Settling a Mesothelioma Lawsuit
When you file an asbestos personal injury lawsuit, there are two ways to receive compensation. If your case goes to trial, you may receive a favorable jury verdict awarding you damages for your illness.
But in most cases, mesothelioma lawsuits are settled out of court.
Pleural mesothelioma settlements occur when common ground is reached on how much money a defendant will pay and how much a plaintiff will accept.
There is never any guarantee on how a trial will end, so parties often agree to a settlement to avoid a long legal battle with an uncertain outcome. However, negotiating a fair settlement amount is just as complex as winning a lawsuit at trial.
An experienced mesothelioma lawyer can help you determine when to accept a settlement and when to press on with a lawsuit.
Mesothelioma Settlements vs. Verdicts
The majority of mesothelioma lawsuits end in a settlement before reaching the courtroom. Mesothelioma settlements are usually significantly lower than favorable trial awards, but accepting a settlement often means receiving compensation months or years sooner.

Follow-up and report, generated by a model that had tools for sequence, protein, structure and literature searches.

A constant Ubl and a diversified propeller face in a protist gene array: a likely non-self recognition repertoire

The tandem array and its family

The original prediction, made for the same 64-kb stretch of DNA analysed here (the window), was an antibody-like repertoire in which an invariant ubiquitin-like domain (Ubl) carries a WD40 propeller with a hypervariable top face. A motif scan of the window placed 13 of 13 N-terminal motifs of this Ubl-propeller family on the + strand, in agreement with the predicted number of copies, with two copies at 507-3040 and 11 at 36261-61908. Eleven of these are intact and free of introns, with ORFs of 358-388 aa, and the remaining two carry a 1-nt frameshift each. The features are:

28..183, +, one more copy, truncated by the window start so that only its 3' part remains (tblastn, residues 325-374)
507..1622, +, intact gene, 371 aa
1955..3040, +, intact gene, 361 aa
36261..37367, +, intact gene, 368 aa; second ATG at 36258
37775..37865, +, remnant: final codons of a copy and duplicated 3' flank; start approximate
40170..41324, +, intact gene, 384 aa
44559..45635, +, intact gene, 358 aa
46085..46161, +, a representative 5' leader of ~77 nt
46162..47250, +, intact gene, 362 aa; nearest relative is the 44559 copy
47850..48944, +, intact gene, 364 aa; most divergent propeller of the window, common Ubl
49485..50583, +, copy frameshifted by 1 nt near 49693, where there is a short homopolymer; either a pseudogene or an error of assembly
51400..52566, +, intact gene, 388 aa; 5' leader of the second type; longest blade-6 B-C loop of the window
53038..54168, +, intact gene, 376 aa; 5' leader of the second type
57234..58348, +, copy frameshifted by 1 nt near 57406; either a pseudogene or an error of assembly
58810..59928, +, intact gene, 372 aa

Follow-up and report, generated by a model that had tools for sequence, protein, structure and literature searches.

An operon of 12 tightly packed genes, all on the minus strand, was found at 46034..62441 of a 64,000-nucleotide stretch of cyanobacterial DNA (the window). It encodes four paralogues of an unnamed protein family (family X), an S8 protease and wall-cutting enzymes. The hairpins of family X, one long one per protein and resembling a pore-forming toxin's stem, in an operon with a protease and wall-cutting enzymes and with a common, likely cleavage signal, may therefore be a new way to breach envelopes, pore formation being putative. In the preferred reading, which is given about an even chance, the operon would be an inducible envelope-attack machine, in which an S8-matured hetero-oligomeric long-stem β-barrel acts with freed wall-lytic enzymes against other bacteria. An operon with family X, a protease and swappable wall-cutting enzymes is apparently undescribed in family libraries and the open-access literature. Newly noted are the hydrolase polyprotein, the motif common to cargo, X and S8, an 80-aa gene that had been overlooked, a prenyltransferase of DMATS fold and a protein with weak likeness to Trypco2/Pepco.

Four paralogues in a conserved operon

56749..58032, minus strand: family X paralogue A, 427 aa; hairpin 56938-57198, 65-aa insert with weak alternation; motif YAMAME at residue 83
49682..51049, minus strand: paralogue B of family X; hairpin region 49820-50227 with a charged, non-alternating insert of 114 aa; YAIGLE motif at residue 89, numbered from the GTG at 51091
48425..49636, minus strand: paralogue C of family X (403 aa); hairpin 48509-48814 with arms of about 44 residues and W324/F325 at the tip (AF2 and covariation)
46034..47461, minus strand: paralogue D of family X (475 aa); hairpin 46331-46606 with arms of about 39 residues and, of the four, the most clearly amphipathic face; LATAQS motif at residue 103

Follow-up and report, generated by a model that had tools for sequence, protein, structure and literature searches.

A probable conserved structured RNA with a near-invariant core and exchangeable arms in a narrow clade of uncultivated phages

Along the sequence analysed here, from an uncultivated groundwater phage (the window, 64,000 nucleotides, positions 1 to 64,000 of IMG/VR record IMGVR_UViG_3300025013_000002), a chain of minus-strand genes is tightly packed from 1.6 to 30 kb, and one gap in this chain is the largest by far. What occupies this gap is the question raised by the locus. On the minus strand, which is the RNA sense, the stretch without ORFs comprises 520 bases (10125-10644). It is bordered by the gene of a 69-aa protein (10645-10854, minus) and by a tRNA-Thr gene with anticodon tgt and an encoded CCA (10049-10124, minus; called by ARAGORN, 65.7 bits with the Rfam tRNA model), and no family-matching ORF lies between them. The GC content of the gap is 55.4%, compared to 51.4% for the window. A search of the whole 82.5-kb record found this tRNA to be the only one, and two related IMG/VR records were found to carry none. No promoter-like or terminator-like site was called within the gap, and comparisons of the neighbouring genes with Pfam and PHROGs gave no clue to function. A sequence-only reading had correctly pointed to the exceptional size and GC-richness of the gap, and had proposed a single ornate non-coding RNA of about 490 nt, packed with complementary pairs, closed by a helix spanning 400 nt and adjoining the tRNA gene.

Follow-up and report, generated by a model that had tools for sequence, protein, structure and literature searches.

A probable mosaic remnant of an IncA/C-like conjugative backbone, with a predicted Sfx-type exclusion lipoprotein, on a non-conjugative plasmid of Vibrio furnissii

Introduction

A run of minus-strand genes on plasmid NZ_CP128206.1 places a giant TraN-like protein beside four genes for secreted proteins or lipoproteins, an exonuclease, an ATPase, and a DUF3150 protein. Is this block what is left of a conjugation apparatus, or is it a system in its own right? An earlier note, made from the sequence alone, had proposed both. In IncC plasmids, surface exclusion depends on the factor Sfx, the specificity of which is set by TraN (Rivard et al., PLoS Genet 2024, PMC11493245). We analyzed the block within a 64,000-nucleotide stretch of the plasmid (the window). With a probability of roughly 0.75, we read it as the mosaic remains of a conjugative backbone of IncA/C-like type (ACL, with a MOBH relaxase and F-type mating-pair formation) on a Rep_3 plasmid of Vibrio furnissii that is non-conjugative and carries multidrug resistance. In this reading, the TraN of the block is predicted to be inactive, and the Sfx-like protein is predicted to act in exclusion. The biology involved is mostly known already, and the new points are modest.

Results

|Average Mesothelioma Settlement Amount||Average Mesothelioma Trial Award|
|Between $1 million and $1.4 million||Around $2.4 million|
Plaintiffs and defendants can agree to a settlement any time after a legal complaint is filed. Going to trial may involve years of back-and-forth legal proceedings.
Sometimes defendants offer to settle early in the process to avoid legal expenses and bad publicity. Cases may settle during the discovery phase, as more evidence comes to light and the strength of each party’s case becomes clearer. Others settle right before trial or during trial for the same reason.
Sometimes parties reach a settlement after a jury has ordered a substantial award. A plaintiff may accept a settlement that is lower than the jury award in exchange for the defendant waiving its right to appeal the decision and delay payment.
Factors Affecting Mesothelioma Settlement Amounts
Mesothelioma settlement negotiations primarily depend on the strength of the plaintiff’s case, but many other factors come into pay as well.
Plaintiff’s Medical and Work History
The strength of a plaintiff’s case depends on medical records, work records and testimony documenting how the defendant caused the asbestos exposure that lead to the mesothelioma diagnosis.
If the plaintiff has a good chance of winning a mesothelioma lawsuit at trial, they will have a stronger position in settlement negotiations.
Plaintiff’s Medical Bills, Lost Wages and Other Expenses